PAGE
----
But there have been challenges too in the implementation of these projects. “Most of these projects are located very far from our head office, though we would like our staff to participate in them as much as possible”, observes Miss Mramba. But despite the challenges, the bank’s moto – “we are trusted, caring and dedicated to make a difference” keeps the fire burning.
This year, plans are underway for the construction of a $134,000 orphanage in the Kibaha region of Dar es Salaam. The home will house over 350 orphaned
In Kenya, Standard Chartered Bank supports the Salvation Army’s Thika High School for the Blind, the only post primary school for the blind in the region. In May 2003, Standard Chartered successfully drilled a 160-metre deep borehole at the school, which has helped solve the school's perennial water problem. The borehole, whose water yield is 14,000 litres per hour, can now serve upto 15,000 households outside of the school.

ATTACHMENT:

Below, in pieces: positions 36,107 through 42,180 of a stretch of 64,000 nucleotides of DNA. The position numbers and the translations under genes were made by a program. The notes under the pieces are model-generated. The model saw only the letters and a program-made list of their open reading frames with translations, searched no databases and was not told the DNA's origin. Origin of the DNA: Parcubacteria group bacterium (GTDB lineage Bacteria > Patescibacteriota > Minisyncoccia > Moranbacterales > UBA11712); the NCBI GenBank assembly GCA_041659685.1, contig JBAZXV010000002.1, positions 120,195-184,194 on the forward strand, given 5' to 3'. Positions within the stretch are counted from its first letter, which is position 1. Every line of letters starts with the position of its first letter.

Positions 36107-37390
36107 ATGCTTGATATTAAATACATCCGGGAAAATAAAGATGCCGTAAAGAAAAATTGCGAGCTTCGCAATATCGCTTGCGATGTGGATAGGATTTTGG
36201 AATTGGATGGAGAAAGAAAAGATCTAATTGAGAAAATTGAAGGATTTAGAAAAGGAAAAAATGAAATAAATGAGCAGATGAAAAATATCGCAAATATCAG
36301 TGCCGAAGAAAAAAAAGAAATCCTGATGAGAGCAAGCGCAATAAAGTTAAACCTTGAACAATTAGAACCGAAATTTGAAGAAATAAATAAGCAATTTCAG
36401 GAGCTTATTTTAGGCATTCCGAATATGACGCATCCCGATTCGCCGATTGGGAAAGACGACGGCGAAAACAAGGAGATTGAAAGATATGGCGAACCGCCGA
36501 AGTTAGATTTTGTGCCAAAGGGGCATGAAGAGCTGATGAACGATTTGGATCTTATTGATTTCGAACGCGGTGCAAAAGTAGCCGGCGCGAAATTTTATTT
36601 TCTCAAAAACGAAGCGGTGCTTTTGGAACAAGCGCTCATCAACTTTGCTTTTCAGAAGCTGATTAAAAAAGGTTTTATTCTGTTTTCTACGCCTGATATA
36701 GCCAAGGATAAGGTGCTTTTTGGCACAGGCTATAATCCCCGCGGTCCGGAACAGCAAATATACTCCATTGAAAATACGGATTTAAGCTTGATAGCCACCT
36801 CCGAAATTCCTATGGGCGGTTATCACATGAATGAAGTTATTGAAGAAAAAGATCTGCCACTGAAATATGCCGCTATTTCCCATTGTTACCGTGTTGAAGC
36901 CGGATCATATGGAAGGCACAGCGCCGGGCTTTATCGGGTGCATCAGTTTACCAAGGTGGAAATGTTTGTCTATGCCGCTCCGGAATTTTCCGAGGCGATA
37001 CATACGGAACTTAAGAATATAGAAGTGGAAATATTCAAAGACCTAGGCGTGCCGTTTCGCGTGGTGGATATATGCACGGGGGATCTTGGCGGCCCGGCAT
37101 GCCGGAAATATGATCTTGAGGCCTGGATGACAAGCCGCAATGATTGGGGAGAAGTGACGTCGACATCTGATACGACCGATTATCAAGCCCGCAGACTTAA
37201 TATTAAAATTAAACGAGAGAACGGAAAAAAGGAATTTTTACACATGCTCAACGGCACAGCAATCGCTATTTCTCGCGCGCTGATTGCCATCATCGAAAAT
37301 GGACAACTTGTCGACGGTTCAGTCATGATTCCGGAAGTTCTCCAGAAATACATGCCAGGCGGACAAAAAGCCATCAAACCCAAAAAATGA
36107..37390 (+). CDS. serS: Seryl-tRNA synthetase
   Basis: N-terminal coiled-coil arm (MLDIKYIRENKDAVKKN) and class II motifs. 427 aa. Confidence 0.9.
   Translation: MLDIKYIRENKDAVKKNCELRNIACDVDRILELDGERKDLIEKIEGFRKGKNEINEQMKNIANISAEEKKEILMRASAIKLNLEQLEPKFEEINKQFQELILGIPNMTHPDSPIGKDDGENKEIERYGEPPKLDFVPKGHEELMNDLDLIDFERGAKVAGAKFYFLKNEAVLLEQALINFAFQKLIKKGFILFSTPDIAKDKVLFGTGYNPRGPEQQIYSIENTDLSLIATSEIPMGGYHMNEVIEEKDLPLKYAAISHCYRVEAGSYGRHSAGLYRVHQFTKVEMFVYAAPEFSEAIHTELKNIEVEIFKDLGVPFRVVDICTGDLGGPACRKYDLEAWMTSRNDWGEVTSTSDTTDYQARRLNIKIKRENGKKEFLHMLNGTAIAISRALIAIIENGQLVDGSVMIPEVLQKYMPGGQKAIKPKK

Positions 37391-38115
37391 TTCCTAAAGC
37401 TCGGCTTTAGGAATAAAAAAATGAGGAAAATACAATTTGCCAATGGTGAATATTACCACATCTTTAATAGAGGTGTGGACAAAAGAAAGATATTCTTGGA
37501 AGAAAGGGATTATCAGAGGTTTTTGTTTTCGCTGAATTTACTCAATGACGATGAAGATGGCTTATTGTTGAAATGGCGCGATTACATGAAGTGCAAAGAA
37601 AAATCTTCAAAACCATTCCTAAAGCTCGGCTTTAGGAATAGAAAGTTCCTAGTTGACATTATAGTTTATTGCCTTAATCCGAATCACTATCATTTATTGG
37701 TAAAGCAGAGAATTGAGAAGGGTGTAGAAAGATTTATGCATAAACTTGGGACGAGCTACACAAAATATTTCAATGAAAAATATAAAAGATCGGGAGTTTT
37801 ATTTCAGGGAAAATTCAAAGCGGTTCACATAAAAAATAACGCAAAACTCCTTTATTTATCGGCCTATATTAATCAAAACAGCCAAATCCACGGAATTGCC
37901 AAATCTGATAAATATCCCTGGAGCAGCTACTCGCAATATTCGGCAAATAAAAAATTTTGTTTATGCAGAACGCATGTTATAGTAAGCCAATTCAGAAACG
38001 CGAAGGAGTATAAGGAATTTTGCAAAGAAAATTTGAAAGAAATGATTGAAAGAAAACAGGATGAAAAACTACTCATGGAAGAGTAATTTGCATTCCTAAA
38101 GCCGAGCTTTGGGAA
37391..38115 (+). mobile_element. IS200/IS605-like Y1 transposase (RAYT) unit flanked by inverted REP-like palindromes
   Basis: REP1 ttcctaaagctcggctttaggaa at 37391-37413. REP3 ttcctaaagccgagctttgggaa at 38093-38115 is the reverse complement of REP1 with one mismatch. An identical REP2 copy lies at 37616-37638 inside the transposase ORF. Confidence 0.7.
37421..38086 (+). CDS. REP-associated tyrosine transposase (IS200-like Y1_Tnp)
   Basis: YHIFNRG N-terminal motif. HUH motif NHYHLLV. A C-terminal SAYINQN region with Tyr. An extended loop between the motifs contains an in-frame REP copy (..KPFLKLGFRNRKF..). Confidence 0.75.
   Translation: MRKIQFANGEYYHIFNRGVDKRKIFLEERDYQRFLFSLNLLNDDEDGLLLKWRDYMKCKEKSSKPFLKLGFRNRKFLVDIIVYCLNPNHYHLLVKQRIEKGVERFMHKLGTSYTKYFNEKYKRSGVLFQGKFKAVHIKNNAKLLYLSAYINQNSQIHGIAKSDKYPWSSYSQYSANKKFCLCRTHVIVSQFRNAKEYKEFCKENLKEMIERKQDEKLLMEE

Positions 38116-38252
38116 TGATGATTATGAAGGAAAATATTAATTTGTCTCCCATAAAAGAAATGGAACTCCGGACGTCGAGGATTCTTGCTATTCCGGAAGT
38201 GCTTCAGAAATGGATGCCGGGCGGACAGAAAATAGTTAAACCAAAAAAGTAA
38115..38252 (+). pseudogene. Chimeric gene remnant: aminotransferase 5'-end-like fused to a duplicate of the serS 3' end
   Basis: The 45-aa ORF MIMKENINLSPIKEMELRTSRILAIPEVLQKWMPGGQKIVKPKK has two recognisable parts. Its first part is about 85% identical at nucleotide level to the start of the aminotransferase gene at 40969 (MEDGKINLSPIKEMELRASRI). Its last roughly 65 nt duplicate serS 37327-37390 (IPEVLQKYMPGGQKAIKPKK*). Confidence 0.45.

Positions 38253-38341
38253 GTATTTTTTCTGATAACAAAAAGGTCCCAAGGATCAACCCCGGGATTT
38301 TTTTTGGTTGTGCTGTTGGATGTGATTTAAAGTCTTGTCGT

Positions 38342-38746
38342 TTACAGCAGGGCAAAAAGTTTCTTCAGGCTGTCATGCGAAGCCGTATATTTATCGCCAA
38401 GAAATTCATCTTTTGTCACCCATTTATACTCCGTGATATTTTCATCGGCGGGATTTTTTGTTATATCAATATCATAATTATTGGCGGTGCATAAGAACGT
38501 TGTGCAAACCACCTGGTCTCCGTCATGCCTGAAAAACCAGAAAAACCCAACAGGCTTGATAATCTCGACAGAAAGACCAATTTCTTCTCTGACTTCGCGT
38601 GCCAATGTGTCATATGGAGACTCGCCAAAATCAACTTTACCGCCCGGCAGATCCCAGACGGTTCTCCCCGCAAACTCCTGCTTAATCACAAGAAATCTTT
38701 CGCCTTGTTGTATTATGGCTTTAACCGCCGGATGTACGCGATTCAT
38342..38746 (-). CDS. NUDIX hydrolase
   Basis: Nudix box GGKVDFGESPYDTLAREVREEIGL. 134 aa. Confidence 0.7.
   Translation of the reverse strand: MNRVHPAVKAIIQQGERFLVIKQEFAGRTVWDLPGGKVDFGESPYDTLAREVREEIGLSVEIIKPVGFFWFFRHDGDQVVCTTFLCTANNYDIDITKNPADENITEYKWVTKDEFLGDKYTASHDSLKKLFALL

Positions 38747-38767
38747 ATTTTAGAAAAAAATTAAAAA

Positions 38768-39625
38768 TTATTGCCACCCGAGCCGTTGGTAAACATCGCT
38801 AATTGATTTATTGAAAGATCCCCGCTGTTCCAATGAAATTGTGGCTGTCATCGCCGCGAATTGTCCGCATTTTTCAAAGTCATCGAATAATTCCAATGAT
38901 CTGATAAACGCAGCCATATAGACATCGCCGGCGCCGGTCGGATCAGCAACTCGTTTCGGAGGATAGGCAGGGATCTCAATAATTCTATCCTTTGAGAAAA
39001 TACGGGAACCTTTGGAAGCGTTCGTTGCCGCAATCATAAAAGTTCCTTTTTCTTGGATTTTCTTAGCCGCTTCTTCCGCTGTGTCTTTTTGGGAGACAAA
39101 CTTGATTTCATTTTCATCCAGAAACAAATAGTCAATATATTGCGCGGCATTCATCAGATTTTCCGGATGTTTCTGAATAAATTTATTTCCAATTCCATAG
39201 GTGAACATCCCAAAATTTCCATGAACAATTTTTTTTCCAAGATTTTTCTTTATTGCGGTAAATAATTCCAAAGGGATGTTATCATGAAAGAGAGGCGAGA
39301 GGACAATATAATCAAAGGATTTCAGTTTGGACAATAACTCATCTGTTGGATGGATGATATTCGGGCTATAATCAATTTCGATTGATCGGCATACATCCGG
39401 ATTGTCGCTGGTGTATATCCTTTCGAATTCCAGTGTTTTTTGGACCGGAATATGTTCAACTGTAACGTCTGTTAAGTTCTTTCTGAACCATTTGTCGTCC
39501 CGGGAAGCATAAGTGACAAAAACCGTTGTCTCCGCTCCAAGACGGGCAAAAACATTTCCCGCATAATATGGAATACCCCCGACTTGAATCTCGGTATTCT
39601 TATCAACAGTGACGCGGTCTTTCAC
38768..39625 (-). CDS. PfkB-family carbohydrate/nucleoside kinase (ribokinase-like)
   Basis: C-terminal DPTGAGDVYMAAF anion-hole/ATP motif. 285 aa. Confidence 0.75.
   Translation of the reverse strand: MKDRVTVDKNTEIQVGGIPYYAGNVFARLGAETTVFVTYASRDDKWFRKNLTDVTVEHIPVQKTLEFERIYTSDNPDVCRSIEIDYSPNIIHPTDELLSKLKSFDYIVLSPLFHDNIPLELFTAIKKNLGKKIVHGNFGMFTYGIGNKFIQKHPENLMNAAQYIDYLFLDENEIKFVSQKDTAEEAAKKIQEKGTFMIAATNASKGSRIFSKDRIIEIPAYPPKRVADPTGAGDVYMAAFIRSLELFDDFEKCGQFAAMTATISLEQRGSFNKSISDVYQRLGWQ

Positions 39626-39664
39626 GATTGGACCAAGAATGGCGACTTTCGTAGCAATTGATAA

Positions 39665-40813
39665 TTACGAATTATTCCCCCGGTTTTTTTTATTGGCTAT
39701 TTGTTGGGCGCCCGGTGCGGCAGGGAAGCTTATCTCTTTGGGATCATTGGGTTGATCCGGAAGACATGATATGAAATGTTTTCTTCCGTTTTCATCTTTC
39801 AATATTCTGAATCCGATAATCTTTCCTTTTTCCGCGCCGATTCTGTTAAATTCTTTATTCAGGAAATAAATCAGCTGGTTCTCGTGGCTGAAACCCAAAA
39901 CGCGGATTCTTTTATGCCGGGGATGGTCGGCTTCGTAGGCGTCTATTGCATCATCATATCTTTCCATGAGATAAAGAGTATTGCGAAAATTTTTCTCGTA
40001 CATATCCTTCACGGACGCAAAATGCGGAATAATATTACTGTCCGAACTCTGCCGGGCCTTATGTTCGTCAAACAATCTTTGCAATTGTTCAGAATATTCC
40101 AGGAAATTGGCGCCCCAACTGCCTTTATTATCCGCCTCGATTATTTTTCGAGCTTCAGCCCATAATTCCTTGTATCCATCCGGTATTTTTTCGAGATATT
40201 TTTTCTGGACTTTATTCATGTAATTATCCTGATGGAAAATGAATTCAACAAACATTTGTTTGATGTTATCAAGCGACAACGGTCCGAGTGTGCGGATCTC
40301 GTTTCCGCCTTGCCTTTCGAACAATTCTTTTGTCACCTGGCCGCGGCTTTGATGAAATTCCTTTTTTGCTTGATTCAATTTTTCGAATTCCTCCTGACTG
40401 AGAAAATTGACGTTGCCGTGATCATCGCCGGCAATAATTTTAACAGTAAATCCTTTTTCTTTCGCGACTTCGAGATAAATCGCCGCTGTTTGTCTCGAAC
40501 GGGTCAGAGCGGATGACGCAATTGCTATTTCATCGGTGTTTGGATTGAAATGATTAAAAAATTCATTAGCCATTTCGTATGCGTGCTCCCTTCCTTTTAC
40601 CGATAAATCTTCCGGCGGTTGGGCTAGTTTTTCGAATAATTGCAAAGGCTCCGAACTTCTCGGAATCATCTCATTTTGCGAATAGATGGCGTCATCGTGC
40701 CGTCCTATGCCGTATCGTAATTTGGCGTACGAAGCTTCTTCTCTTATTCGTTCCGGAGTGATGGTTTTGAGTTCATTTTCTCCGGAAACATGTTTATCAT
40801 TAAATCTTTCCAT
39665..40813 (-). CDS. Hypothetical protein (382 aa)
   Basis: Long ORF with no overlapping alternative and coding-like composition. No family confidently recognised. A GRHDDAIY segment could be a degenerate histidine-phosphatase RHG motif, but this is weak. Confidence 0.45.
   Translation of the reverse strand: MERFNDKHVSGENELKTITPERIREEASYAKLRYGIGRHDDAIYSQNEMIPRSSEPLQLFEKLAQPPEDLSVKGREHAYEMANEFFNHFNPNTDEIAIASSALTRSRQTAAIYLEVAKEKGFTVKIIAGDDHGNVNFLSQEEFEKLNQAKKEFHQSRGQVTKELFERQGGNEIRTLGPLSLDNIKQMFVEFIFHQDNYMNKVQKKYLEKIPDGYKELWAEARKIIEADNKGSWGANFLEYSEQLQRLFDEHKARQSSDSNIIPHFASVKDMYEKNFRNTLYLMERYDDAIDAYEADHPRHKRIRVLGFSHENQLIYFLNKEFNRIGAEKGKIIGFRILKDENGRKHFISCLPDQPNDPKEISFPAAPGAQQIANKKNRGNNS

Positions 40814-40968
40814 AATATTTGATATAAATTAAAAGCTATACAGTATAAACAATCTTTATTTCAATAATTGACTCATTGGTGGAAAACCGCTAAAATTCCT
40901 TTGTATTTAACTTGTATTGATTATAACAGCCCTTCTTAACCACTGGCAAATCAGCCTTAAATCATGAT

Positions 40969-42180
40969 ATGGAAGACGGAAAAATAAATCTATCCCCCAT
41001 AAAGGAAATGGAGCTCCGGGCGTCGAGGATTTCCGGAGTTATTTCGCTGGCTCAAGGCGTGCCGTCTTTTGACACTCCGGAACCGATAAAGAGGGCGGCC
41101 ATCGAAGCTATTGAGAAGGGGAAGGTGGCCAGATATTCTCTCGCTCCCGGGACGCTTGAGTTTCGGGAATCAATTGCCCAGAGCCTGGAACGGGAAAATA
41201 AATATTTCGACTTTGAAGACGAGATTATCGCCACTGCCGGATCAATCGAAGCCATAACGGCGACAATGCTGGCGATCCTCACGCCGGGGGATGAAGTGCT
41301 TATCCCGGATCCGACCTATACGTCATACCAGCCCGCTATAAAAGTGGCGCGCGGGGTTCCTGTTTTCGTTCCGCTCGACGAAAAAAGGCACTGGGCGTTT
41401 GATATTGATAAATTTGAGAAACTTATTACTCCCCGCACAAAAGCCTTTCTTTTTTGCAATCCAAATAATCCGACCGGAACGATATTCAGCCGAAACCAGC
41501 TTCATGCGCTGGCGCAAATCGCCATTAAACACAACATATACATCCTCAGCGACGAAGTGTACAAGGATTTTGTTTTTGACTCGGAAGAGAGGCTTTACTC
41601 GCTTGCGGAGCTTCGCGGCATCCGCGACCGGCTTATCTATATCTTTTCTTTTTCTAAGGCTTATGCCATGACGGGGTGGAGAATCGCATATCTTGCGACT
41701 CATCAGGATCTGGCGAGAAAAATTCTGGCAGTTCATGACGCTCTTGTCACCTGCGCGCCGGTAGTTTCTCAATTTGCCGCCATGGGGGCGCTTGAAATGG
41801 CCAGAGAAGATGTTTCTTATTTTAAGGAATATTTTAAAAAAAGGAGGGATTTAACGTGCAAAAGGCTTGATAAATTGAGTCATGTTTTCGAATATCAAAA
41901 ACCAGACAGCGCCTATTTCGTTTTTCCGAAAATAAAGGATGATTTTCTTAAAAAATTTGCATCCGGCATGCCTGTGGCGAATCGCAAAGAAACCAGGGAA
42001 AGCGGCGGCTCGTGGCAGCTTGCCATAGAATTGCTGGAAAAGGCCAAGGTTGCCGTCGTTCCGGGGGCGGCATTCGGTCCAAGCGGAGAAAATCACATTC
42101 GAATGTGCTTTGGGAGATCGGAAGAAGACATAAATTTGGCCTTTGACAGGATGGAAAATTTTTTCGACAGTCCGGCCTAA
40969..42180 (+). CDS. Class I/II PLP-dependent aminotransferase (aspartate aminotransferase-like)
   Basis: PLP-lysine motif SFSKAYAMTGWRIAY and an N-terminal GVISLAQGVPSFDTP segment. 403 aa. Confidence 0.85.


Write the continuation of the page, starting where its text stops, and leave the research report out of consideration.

In seeking to improve the physical facilities at the school, the bank constructed a new dormitory block to accommodate 80 female students. A new block housing four classrooms was also constructed. The bank also renovated the existing facilities at the school.
Speaking during the commissioning of the facilities, the bank’s CEO Kenya and General Manager for East Africa Mr Michael Hart said: “What we are doing at this school dovetails very neatly with the other projects we are funding under our global Seeing is Believing initiative. For your information, globally, Standard Chartered is seeking to restore the eyesight of at least one million people, afflicted by the scourge of blindness”.